Smaller California Co-Ops Competing with Larger Growers

Cannabis plants in a cultivation area

Smaller California Co-Ops Competing with Larger Growers

Jun 05 2019, by Jessica McElfresh in Legal Blog, Marijuana Business

Owing to the expense of opening and operating an adult use cannabis business in California, the state’s cannabis industry is at risk of becoming dominated by a few large players. These big companies are better able to raise capital, pay fees, and hire the personnel needed to plan and execute a successful business strategy. Now, some small cannabis businesses are grouping together into marijuana co-ops so that they can also enjoy some of the advantages enjoyed by their larger counterparts.

California’s new adult use cannabis regulatory system is bringing a sea of change to an already established industry. Many of the old ways of doing business are gone for good. Whether you are an industry veteran or a newcomer, you will need reliable legal counsel for your cannabis business to succeed during these changing times. At McElfresh Law, we’ve built our name on our ability to give sound help and effective representation to some of Southern California’s leading cannabis businesses.

If you want to learn how to make your venture succeed, call a marijuana business lawyer today at (858) 756-7107, or reach out online to schedule your consultation.

Can the Co-Op Model Help Smaller Cannabis Growers Survive?

Acquiring the largest scale growing licenses can be challenging, so large cannabis growers have begun the practice of “license stacking.” They buy dozens of small-grow licenses in one area, effectively operating them as one entity. This model is successful, because the single holding company has the resources to pay the permitting, licensing, insurance, and legal fees needed to operate on a large scale. At the same time, a large company can streamline and save on marketing, distribution, and testing costs.

Currently, California’s adult use cannabis regulations limit each individual member of a cooperative to 10,000 square-feet of canopy area, and a total plot area of four acres. By banding together, these small growers can compete with larger corporations that are stacking licenses. This is possible, because the co-operative enjoys many of the same advantages of their corporate equivalents. Such advantages include:

Lower Operating Costs

The individual cultivators who join a co-op can pool their resources to lower operating costs. In addition to saving on legal help and local permitting fees, co-op members can save up to $2,000 per year on insurance, and $1 per plant they purchase in bulk. Finally, co-ops can build and operate their own processing facilities, which is generally too costly and difficult for a single cultivator.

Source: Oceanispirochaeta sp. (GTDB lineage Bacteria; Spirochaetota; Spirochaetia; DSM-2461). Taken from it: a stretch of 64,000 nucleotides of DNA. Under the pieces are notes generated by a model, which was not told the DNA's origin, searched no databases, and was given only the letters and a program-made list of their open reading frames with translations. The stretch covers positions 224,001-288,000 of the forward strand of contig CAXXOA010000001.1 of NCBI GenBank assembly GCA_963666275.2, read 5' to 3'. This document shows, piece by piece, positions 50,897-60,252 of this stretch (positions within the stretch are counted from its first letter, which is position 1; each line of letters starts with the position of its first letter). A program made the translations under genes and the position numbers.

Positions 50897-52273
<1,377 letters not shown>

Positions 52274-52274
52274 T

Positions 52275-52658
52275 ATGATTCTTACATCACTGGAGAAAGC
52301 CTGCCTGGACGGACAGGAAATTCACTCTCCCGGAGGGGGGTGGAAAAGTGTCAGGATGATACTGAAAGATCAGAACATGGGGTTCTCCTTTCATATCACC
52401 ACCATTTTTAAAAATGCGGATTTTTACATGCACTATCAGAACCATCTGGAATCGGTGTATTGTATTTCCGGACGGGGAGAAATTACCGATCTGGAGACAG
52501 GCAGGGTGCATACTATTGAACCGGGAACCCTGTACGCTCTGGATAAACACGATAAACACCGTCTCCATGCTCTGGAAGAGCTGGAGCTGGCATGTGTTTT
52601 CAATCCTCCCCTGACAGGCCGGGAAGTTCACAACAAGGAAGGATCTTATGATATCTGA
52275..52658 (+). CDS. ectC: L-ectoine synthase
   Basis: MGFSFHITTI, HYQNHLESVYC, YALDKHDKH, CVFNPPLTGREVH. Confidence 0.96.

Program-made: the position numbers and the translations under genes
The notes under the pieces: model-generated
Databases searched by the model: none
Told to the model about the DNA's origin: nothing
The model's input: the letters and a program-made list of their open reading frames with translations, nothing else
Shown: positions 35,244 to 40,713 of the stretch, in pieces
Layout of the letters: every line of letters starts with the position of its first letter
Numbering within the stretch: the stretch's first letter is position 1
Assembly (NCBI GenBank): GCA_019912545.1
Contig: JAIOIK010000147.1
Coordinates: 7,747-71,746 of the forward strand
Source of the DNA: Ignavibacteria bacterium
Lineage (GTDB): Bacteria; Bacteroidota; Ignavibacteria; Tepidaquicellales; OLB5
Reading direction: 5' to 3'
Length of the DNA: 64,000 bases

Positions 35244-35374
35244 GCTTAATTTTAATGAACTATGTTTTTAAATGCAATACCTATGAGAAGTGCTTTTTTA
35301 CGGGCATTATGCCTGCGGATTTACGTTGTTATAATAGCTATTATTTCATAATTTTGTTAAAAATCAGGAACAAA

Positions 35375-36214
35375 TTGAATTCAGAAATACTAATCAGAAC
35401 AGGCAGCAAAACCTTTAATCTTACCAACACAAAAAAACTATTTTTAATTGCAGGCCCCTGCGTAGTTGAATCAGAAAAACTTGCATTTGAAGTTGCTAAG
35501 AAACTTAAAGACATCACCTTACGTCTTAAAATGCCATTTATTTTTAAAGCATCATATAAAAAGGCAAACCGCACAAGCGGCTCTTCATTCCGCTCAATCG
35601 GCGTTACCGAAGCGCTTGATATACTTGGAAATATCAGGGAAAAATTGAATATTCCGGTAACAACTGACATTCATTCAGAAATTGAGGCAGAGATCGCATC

Stronger Distribution

Now that distributors are a necessary step between cultivators and retailers, some small businesses are getting left behind. Marijuana co-ops can not only get the attention of distributors, but they can provide them with a consistent flow of product that smaller operations cannot provide.

Better Branding

Cultivators need to get the attention of distributors, but also future customers. Co-op members can pool their resources to invest in an effective branding strategy to grow a large and faithful customer following.

Large corporate operations will always have a pricing advantage. There’s simply no better way to grow a lot of product and minimize costs. What co-ops cannot match in terms of economies of scale, however, they can compensate for in quality. Small cultivators spend more time with their plants and are generally able to produce a higher quality product than their larger competitors.

Going the co-op route is not a guaranteed recipe for success. Cultivators can and will disagree on important issues, and having mechanisms for effectively managing disputes and making decisions is essential. In addition to these procedural issues, co-op members need to ensure that they share a common vision before banding together in the first place. Just being in the same neighborhood and growing cannabis is not going to be enough for you to share a successful venture.

Do You Have Questions About Marijuana Co-ops and Your Business? Contact Us Today

Whatever the size or nature of your cannabis business, you will need a good lawyer to succeed in California’s complex and fluid regulatory environment. Running any business is hard, but operating in the cannabis industry presents many additional challenges. If you make a mistake, you and your colleagues could end up behind bars. With so much at stake, you owe it to yourself and to your investors to get the best legal counsel you can find.

Call McElfresh Law today at (858) 756-7107, or reach out through our online form to schedule an initial case evaluation with a San Diego cannabis business lawyer.